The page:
Those are all variations of the original question that are far more useful to a business owner.
But it’s still not a straightforward thing to answer.
If I give you a concrete number like £100 pounds a month, that would be to ignore all the variables that play a part in the ultimate answer.
Let me give you an example:
Think of the best selling toys. They don’t sell at the same velocity throughout the year. Not usually. Instead, they generally sell the most on the run-up to Christmas, and that’s because the demand is usually higher in that period.
So if you were advertising one such product, you would increase your advertising spend during that period in order to reach more people because you know that that’s when people are buying the most.
So if you were to ask how much does advertising cost for my business in order to make money, my first questions would be:
- what are you selling?
- what’s the offer?
- is there a demand for it?
If there isn’t a demand for what you’re offering, then it doesn’t matter how much you spend on advertising. You’re not going to be profitable.
So that’s one condition or variable that can’t be ignored.
The other condition is: is your offer seasonal?
For example, if you offer garden landscaping as a service then your business is probably going to be slower during the Winter months. So unless you have money to play with you probably wouldn’t spend as much money advertising during the Winter months.
But let’s say that your answer to this was: I have an offer that is good and there is a demand for it.
Let’s say for example that you’re a dentist and people need dentistry. So how much is it going to cost to advertise that business in order to make money?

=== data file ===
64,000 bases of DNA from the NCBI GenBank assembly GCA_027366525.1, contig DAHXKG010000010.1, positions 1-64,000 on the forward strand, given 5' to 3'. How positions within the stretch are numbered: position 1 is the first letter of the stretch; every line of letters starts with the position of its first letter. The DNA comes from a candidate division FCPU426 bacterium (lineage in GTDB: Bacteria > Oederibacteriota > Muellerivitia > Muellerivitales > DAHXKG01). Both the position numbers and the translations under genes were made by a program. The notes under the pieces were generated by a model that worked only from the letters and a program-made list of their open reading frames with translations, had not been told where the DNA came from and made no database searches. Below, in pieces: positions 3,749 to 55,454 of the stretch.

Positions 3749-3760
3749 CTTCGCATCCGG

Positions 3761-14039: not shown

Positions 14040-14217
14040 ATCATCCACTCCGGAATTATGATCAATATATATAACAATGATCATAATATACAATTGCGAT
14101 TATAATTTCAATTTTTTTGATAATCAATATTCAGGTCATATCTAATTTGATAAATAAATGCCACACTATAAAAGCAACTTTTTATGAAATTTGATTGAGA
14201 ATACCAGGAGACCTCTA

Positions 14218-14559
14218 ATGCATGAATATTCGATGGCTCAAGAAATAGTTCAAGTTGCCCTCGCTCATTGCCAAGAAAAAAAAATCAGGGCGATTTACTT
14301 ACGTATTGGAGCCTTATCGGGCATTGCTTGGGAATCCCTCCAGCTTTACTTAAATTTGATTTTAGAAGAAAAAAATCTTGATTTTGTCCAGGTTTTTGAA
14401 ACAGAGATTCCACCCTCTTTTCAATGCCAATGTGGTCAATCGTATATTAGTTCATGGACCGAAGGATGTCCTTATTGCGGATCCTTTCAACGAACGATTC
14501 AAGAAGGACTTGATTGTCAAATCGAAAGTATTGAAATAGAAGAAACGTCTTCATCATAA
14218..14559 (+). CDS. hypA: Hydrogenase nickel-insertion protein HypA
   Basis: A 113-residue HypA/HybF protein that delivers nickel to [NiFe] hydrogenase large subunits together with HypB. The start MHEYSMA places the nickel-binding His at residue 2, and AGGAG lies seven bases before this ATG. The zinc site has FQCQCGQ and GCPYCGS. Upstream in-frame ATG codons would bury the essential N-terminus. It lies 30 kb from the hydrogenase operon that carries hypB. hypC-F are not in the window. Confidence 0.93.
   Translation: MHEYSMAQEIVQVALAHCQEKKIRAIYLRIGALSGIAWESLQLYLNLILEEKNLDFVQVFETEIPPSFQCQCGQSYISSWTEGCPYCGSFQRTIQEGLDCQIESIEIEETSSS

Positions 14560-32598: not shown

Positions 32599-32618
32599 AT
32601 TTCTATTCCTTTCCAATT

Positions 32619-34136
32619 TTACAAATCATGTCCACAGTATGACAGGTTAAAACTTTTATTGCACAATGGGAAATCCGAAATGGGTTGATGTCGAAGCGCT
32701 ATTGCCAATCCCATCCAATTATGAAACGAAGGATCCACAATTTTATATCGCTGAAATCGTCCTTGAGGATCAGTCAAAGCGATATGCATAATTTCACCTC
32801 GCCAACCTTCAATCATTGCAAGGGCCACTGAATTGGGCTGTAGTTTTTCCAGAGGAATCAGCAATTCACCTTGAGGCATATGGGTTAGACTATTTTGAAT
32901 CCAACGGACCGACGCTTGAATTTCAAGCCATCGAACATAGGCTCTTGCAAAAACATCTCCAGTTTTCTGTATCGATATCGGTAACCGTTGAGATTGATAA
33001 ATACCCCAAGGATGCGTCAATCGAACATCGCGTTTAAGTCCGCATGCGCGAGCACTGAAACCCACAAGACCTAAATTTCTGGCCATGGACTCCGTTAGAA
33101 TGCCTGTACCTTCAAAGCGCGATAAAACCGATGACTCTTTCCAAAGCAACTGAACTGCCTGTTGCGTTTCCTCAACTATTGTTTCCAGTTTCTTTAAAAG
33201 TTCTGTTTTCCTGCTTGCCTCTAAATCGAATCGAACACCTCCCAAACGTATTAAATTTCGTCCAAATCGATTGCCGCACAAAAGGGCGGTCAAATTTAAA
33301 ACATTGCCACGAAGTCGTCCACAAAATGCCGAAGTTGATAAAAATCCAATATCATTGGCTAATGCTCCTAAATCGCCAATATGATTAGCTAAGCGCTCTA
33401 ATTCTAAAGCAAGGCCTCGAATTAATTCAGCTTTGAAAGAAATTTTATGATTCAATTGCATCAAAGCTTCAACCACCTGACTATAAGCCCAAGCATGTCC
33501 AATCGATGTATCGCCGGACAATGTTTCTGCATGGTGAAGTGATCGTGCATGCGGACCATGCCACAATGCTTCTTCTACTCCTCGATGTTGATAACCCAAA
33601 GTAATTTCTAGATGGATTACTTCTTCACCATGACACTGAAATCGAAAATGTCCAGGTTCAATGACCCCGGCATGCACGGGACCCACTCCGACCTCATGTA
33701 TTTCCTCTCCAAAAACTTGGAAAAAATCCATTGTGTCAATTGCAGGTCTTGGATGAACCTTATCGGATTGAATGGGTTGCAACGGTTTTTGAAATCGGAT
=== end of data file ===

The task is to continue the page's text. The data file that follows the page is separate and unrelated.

Well, there are still conditions that have to be met.
Just because you’re a dentist and people need dentistry does not mean that you’re going to be profitable, because you have competition.
You need to consider things like:
- what’s the rest of your competition offering?
- what’s their equivalent offer?
- is it cheaper?
- is your price point competitive?
- is your price point right for your audience?
Your business could be offering something that is in demand but it could be too expensive. You could be pricing the bulk of your audience out of the market or your offer could simply be more expensive than the competition’s offer.
And what about the quality?
Your product could be of less quality than a competing product. In that case, you would have a product that is still in demand, but your chances of turning a profit are compromised by your pricing point.
Let’s say, for example, that you sell a blender. A blender is a popular product, but if your blender is inferior in quality to the competition’s, then you still have a product that is in demand, but it’s not as good as everybody else’s product.
And what about authority?
If you offer a service, then what’s the authority wrapped around that service? In other words, if you’re a dentist and you’re offering dentistry and I land on your website as a result of clicking on an ad, one of my main questions may be: who are you?
If you’re new to the market and you price your service at the same level than other better-established dentists who have better portfolios and reputations, then you might justify pricing your services like-for-like because you’re doing exactly the same as the other dentists in terms of procedures, but the market doesn’t see it that way.